Mental–health concerns on college campuses are most often addressed in terms of the four-year experience, but mental health is often a crucial factor in students’ decisions to leave college early or transfer.
The Ithaca College Student Success Committee seeks to increase the college’s retention rate through three phases, one of which includes improving mental–health services. This plan presents a positive step in strengthening the mental–health services offered by the Center for Counseling and Psychological Services, particularly when the college has been criticized in the past for failing to prioritize the mental health of its students.
Retention rates are a significant factor in judging the quality of the education and experience a college offers. Not paying enough attention to mental–health services undermines the college’s mission of cultivating academic success. Students cannot feasibly succeed when their mental health is deteriorating. Investing in mental–health resources becomes an investment in the future of the students’ academic success. And when academic success is supported in this holistic way, both the students and the college succeed.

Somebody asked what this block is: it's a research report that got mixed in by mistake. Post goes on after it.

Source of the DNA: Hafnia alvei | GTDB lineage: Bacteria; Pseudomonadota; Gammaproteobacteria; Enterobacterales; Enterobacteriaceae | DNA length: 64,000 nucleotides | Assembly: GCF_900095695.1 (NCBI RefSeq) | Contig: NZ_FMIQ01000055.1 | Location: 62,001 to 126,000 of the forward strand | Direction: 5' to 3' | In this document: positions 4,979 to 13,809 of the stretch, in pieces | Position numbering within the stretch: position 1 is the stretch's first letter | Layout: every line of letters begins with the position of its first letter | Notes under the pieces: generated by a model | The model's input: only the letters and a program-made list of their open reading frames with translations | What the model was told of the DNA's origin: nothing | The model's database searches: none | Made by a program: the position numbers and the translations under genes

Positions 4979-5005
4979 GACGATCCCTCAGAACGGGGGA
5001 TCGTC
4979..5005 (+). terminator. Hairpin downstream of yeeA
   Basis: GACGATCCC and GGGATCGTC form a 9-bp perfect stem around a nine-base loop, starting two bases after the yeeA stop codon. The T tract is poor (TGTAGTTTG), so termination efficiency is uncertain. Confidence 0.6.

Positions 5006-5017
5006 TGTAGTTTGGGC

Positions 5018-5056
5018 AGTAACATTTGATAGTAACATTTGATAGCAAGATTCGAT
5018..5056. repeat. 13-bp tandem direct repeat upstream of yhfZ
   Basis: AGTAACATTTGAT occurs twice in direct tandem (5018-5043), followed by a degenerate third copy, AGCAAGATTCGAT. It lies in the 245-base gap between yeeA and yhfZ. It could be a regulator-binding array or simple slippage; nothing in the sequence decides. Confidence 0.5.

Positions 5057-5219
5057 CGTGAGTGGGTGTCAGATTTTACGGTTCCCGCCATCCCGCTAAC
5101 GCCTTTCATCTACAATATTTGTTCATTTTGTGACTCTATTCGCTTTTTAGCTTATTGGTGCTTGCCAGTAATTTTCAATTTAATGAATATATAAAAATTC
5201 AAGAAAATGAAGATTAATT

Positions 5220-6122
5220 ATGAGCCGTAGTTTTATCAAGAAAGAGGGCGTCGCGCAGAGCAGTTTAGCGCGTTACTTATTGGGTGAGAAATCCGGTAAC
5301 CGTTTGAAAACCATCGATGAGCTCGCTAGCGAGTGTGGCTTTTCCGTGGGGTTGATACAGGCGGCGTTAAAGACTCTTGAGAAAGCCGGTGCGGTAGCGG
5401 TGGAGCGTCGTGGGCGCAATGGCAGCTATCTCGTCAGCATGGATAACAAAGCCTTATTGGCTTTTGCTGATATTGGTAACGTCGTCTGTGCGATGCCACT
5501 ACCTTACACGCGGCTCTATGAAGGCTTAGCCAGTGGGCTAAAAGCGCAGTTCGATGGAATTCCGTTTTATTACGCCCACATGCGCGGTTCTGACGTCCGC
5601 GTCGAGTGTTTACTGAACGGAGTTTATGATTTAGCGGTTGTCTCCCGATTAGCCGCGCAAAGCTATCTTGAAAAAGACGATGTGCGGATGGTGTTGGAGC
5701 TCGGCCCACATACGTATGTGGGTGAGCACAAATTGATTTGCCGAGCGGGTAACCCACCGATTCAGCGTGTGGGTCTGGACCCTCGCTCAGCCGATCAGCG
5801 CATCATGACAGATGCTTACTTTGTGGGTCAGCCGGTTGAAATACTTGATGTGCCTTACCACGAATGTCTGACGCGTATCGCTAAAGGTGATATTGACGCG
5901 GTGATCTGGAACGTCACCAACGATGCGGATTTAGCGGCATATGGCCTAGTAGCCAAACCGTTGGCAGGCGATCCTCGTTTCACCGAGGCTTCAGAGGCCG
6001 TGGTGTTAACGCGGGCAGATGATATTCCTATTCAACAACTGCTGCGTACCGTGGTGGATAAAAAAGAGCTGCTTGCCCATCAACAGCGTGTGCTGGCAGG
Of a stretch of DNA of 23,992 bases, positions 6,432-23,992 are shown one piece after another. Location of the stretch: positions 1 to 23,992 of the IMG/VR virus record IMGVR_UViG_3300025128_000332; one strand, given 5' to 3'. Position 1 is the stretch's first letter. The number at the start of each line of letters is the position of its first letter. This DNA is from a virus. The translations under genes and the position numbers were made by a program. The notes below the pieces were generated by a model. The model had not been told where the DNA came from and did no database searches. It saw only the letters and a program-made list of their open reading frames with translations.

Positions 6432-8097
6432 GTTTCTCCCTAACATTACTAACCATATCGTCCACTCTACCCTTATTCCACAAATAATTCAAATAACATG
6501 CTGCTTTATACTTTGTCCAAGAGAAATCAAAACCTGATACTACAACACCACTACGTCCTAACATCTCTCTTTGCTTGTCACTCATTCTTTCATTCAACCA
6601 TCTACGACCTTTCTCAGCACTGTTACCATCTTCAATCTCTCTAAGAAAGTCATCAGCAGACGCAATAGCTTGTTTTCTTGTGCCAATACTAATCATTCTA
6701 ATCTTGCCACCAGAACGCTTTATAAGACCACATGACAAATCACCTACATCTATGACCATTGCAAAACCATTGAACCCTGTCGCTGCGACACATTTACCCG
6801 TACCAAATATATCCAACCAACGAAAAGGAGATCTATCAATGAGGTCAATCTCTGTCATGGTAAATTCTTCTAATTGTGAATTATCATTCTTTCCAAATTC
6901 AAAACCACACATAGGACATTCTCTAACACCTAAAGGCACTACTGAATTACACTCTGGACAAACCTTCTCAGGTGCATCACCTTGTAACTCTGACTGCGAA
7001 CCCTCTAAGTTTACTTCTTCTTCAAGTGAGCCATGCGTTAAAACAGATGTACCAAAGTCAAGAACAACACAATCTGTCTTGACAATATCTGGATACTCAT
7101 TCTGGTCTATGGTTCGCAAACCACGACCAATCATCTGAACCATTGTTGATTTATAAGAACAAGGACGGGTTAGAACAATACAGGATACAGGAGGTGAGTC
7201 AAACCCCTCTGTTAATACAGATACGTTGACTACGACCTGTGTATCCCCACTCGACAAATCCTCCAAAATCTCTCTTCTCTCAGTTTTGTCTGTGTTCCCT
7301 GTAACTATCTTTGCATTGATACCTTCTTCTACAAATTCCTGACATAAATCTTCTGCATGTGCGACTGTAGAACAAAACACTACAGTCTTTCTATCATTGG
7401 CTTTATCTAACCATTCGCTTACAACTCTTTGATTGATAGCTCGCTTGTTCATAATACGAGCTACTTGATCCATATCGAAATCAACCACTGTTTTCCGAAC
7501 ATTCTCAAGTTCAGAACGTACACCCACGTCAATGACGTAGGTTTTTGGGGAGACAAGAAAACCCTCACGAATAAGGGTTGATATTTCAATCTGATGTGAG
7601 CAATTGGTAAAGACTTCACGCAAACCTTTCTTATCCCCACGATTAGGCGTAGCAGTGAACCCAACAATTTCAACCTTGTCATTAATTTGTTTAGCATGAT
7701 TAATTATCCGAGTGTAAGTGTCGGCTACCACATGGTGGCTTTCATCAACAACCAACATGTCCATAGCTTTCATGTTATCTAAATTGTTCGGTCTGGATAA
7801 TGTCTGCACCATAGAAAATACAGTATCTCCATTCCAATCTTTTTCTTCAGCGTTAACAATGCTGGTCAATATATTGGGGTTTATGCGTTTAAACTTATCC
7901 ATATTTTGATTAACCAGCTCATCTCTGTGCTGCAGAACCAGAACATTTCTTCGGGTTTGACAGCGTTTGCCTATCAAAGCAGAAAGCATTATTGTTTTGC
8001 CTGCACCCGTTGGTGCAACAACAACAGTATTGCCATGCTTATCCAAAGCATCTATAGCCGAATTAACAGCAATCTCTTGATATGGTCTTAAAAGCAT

Transitioning into a college environment can be riddled with challenges adjusting to a new lifestyle and feelings of loneliness or homesickness. If students develop any mental–health issues in college, which studies show has become a common occurrence in higher education, having robust and efficient counseling services could help students cope with the stresses of college life. Making students wait to speak to a counselor only worsens their mental state. The decision to then leave the college becomes a natural response to not having one’s mental–health needs met by their institution.
If the college does choose to increase the number of CAPS counselors, it should seriously take into account the need for counselors of different identities. As of now, there are not enough counselors of color to meet the needs of students of color. It is integral for students of color to see themselves reflected in mental–health counselors, given that their experiences are distinctive to their identities and would be best understood by people who share similar backgrounds.
Although the administration has gained ground in acknowledging CAPS’ need for more resources, there is more work to be done to improve student retention. The mental state of students cannot be separated from the campus climate in and out of the classroom — they are intrinsically connected and must be recognized as such.